Date of Award

Spring 1-1-2016

Document Type


Degree Name

Master of Arts (MA)


Asian Languages & Civilizations

First Advisor

David C. Atherton

Second Advisor

R. Keller Kimbrough

Third Advisor

Laurel Rasplica Rodd

Fourth Advisor

Marcia Yonemoto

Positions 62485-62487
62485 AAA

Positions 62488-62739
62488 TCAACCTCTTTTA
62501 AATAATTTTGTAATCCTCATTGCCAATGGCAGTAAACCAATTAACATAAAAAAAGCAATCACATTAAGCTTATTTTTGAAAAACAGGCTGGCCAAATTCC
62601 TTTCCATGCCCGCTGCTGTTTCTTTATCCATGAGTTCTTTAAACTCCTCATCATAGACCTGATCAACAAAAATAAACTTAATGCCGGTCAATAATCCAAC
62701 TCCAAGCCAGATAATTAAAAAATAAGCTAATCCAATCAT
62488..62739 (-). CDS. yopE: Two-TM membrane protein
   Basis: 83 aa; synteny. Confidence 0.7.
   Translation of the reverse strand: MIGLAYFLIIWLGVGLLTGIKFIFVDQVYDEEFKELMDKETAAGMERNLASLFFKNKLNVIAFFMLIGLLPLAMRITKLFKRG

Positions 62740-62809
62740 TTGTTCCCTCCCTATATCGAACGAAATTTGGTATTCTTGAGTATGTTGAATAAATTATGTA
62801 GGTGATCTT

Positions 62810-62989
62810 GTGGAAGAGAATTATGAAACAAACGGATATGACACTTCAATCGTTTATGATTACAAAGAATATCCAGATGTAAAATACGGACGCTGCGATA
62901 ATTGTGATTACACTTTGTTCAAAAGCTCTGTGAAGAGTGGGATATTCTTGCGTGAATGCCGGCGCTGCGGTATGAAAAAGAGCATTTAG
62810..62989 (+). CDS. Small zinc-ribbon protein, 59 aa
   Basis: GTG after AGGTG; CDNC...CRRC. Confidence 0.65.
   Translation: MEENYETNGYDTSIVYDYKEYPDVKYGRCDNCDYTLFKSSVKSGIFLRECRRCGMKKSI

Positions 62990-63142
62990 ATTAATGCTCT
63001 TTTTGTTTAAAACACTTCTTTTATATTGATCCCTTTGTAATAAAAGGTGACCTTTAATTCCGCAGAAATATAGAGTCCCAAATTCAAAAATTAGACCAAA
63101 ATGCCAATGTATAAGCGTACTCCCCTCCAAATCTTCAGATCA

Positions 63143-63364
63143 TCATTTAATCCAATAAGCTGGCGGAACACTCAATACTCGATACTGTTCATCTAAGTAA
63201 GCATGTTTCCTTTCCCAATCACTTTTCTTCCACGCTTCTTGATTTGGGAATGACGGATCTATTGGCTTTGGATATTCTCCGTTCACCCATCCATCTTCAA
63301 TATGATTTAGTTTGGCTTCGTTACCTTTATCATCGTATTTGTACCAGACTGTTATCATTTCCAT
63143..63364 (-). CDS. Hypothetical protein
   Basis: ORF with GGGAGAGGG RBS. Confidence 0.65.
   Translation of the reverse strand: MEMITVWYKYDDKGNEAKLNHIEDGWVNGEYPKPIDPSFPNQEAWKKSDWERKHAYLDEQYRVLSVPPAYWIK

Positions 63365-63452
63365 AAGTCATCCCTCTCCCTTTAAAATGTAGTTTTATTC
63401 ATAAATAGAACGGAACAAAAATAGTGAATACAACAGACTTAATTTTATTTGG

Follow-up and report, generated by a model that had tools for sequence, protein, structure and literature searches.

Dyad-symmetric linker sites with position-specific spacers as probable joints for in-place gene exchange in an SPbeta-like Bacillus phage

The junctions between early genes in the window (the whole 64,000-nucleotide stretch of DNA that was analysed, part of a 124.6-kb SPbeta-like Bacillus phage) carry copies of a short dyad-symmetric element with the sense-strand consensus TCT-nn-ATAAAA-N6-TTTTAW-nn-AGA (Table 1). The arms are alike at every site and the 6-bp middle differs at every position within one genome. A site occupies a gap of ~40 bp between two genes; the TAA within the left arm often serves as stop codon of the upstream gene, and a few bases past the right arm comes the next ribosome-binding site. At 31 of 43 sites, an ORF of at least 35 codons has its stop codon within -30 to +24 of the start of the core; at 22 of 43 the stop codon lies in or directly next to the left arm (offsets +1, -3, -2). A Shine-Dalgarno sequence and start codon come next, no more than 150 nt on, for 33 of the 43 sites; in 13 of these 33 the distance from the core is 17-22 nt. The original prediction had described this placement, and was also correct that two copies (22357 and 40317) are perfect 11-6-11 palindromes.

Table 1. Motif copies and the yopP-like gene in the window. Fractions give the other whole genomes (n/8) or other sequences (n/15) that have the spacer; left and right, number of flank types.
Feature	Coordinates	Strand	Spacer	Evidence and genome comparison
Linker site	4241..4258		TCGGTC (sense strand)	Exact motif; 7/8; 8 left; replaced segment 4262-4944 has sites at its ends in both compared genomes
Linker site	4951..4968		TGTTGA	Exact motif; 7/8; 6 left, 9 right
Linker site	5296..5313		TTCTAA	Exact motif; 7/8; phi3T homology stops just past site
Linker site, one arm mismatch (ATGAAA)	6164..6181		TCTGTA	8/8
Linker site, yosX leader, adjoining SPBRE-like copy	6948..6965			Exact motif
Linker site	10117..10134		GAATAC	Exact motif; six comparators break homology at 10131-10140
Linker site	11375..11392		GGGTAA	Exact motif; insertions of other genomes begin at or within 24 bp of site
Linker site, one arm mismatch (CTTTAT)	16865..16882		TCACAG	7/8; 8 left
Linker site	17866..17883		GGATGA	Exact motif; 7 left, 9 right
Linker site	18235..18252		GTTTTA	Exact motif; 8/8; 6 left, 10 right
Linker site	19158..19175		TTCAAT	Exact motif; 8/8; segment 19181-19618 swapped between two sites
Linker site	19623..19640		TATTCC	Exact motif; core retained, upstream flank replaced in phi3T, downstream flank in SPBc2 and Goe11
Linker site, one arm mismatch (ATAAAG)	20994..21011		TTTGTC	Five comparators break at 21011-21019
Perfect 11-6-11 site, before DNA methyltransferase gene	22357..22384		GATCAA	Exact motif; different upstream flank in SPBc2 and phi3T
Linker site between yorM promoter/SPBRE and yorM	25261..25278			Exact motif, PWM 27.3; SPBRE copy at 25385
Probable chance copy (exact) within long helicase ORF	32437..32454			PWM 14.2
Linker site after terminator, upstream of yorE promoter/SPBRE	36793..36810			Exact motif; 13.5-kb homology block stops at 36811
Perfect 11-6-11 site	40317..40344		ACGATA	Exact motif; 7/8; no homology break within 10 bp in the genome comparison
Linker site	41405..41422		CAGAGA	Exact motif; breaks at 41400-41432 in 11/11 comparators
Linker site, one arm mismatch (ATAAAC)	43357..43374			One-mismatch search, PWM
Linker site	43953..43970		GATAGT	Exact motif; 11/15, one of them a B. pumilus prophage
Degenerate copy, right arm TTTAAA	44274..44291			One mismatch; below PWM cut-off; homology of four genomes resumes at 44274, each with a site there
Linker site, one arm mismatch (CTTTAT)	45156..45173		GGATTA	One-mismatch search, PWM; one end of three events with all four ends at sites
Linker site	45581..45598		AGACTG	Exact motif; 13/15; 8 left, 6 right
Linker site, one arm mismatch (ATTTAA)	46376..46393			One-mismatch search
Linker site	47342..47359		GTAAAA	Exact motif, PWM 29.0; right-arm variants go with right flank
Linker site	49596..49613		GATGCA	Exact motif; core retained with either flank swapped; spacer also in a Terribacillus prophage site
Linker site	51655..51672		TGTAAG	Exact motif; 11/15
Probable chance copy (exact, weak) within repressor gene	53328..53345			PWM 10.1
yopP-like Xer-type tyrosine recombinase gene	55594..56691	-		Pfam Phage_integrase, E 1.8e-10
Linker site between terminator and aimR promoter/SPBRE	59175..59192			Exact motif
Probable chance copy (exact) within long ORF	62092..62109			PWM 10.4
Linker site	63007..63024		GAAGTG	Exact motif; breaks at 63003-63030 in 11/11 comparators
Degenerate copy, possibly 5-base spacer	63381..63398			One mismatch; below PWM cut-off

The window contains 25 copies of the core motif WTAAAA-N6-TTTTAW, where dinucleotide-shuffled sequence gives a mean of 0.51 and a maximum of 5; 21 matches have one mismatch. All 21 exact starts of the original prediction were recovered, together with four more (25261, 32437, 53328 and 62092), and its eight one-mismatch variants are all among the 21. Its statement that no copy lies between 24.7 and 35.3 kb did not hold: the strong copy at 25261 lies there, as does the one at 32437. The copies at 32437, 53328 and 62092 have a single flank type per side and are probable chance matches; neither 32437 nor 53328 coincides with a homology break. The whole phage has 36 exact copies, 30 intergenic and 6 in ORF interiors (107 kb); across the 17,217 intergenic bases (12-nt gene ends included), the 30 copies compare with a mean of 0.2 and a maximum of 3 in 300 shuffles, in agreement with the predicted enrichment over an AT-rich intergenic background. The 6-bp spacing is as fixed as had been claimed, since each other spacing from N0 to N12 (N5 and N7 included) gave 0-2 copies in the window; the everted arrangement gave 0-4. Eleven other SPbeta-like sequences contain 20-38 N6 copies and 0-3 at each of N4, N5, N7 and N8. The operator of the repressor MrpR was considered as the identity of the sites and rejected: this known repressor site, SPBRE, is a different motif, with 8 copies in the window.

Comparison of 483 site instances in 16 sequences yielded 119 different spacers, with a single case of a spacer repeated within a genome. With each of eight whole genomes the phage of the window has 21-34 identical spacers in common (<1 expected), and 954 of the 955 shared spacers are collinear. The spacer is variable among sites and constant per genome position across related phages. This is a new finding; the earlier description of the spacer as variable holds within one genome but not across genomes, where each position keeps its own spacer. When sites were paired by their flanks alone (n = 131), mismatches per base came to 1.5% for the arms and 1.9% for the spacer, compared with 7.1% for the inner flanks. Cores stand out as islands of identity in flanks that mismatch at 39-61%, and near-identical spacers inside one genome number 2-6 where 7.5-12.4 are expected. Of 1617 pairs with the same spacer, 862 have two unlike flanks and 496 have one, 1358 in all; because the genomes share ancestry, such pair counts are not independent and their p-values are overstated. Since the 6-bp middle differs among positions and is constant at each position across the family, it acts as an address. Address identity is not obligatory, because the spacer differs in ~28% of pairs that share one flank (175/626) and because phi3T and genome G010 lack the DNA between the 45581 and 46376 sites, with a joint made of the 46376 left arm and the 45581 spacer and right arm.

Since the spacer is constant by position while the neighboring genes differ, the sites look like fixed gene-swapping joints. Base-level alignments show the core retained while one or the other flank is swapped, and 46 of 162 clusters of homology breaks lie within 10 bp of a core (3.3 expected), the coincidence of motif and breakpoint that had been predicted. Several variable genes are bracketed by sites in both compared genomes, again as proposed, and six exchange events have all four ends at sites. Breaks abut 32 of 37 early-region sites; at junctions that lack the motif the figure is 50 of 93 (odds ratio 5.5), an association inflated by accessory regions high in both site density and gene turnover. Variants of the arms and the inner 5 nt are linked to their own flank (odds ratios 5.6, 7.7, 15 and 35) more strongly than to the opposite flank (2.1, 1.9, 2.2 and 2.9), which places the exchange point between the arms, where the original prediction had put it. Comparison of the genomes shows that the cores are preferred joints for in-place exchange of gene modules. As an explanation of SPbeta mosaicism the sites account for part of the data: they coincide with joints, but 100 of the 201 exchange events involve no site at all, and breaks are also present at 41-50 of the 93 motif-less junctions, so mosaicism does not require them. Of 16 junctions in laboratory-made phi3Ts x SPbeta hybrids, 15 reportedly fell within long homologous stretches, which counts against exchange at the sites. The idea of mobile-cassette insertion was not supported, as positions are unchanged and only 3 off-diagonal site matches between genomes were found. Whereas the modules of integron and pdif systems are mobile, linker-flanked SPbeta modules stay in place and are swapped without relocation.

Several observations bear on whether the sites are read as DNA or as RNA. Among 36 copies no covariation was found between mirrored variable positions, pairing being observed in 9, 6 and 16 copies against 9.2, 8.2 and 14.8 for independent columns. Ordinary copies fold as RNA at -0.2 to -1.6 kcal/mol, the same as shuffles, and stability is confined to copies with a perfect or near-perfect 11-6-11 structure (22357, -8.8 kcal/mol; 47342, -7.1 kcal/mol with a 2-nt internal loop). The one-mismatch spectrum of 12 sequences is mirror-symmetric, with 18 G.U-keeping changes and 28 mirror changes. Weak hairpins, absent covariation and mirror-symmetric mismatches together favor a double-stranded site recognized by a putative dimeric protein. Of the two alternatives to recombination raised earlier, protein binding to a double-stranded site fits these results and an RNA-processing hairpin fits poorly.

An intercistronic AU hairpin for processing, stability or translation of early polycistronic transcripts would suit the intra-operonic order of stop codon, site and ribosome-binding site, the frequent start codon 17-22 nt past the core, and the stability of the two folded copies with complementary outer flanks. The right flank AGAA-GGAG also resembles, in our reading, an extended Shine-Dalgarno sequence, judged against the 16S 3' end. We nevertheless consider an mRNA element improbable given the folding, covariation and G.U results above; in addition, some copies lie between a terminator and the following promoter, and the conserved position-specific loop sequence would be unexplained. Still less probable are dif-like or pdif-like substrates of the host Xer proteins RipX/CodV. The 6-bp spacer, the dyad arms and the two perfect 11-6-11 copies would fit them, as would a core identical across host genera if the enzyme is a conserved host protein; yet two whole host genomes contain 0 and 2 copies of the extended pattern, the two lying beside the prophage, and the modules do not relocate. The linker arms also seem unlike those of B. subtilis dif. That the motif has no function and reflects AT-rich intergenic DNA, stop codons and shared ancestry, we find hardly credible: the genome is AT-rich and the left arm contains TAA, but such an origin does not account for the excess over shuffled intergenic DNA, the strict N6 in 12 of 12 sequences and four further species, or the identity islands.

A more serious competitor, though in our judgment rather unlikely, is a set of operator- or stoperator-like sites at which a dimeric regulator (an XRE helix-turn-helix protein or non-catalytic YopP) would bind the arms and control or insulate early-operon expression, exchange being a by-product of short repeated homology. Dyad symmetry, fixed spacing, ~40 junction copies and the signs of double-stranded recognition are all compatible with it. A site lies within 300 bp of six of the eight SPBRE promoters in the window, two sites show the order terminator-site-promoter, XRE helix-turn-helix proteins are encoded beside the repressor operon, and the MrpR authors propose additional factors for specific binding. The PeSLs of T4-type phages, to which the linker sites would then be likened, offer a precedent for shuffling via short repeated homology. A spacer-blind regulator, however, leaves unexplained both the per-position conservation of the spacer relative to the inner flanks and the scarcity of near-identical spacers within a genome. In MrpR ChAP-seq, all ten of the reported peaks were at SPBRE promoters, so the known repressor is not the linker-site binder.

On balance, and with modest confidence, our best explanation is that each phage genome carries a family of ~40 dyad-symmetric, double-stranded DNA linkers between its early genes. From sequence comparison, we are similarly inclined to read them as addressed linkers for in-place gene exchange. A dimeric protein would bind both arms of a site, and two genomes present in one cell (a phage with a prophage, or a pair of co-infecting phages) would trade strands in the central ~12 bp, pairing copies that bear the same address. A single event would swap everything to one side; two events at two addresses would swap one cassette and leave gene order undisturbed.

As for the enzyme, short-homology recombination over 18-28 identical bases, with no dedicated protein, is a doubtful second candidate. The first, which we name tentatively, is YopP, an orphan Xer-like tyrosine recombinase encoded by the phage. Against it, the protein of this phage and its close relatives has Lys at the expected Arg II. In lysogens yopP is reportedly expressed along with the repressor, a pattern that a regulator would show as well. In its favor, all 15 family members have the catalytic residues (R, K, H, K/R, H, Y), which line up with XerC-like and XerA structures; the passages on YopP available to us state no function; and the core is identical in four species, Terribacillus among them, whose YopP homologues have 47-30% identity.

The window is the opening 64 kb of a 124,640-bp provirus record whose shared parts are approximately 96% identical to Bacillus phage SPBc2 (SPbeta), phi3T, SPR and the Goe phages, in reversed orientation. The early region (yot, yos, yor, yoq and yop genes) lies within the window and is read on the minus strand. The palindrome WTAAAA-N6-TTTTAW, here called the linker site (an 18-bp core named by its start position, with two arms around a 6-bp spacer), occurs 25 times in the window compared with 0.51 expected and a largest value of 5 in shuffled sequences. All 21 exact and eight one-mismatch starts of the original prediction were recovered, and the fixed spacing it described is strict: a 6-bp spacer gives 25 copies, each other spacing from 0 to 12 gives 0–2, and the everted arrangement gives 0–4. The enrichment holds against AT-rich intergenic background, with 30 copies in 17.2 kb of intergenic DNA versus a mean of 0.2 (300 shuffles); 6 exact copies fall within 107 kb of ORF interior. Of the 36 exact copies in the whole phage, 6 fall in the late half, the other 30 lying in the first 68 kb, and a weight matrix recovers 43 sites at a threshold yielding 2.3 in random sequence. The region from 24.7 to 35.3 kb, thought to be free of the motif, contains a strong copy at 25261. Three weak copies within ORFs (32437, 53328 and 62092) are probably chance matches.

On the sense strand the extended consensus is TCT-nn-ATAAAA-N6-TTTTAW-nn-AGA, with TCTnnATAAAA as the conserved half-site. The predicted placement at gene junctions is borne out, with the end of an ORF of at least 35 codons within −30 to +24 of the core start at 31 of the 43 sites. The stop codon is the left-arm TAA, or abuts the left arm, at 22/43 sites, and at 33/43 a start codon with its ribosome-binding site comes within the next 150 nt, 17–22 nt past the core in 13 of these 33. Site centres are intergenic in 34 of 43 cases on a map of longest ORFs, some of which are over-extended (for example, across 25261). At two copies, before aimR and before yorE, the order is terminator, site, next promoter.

This thesis examines two works by Asai Ryōi (?-1691) 浅井了意 that depict urban disasters. The first is Musashi abumi むさしあぶみ (1661), which deals with a fire that ravaged Edo in 1657; the second is Kanameishi かなめいし (ca. 1662), which is about an earthquake that occurred in Kyoto in 1662. Despite being written by the same person, these works use very different strategies in their respective representations of urban catastrophe. In engaging these texts, I focus on the various contexts in which Ryōi wrote them—contexts related to place, literary tradition, and the catastrophic events themselves—to illuminate why these works are so different. In emphasizing these texts’ historically-grounded diversity, I argue that we can broaden our perspective on what constitutes “disaster writing” in a way that moves away from conceptions of such writing as “speaking the unspeakable.”